Not all clock_t are equal

Here is a little warning to anyone who might fall into the same trap as me.
 I was using C++ standard clock() from <ctime> to measure the time it took for a program to execute on Windows. I should have read the the MSDN page about it. Visual Studio does not follow the standard for the clock() implementation. It should be measuring the time spent on the CPU but is actually a wall clock.

This was fine for my program as I wanted a wall clock and I was getting sensible results. However when I ran the same program on my Ubuntu machine the data I got back was less than useful.

I wanted to write a cross platform bit of code so I stuck to using standard objects. This hasn't worked out. The MSDN article suggests using GetProcessTimes to get the standard behaviour of clock() but that just isn't good.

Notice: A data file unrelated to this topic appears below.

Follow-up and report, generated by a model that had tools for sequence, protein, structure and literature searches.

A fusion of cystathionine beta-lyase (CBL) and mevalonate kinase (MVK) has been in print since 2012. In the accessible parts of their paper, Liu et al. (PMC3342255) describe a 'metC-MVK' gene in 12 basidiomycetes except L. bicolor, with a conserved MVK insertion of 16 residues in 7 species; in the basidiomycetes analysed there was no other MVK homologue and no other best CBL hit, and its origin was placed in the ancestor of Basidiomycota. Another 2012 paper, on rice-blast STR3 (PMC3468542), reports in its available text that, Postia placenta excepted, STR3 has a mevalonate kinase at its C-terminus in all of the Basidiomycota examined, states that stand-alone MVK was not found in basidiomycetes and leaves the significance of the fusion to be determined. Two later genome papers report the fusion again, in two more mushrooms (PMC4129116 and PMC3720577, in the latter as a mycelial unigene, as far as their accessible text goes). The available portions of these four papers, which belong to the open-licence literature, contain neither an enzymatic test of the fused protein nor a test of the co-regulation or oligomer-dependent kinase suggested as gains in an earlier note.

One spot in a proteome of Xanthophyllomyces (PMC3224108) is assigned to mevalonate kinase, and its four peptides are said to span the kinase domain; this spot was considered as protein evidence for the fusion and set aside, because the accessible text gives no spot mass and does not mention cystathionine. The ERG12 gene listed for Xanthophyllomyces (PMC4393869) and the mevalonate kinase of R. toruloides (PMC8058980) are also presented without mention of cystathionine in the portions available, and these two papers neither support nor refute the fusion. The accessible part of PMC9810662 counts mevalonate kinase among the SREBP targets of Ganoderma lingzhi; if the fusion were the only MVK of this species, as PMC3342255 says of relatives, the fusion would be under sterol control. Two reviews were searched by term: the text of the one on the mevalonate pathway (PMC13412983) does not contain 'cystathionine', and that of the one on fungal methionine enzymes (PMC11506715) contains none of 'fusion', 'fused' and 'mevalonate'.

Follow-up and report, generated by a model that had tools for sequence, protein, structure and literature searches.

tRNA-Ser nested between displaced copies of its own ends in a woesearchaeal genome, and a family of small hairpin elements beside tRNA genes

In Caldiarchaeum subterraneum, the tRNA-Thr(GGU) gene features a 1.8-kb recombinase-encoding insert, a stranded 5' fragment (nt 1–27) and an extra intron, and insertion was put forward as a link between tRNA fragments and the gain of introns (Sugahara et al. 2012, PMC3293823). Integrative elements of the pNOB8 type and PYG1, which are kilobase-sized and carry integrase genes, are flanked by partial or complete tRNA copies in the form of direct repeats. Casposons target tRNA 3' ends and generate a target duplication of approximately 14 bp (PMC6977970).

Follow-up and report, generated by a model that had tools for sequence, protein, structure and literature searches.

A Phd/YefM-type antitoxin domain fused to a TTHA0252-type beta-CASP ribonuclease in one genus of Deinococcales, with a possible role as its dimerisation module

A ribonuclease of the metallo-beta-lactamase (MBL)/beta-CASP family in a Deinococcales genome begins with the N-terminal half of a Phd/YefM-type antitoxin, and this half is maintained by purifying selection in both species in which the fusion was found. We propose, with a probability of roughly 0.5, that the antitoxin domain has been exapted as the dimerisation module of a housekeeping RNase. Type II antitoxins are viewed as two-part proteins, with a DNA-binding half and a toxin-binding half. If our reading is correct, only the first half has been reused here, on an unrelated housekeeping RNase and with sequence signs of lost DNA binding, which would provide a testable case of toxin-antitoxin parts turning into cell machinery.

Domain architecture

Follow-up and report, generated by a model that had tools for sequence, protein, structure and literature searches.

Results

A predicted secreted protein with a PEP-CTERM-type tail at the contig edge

I only wanted a wall clock anyway so I had to look for a different solution on both platforms.

The solution is std::chrono which was added in C++11.  It provides all the features I wanted for a wall clock and had somehow slipped past me. I didn't realise this was even part of the C++11 spec. Luckily though, Microsoft has implemented this one correctly and it can be used for getting the wall time on both platforms. Even if it is a little verbose.

#include <chrono>

int main()
    std::chrono::time_point<std::chrono::system_clock>  StartTime, EndTime;
    StartTime = std::chrono::system_clock::now();

    EndTime = std::chrono::system_clock::now();
    std::chrono::duration<double> seconds = EndTime - StartTime;

    std::cout << "Time: " << seconds.count() << " seconds.\n";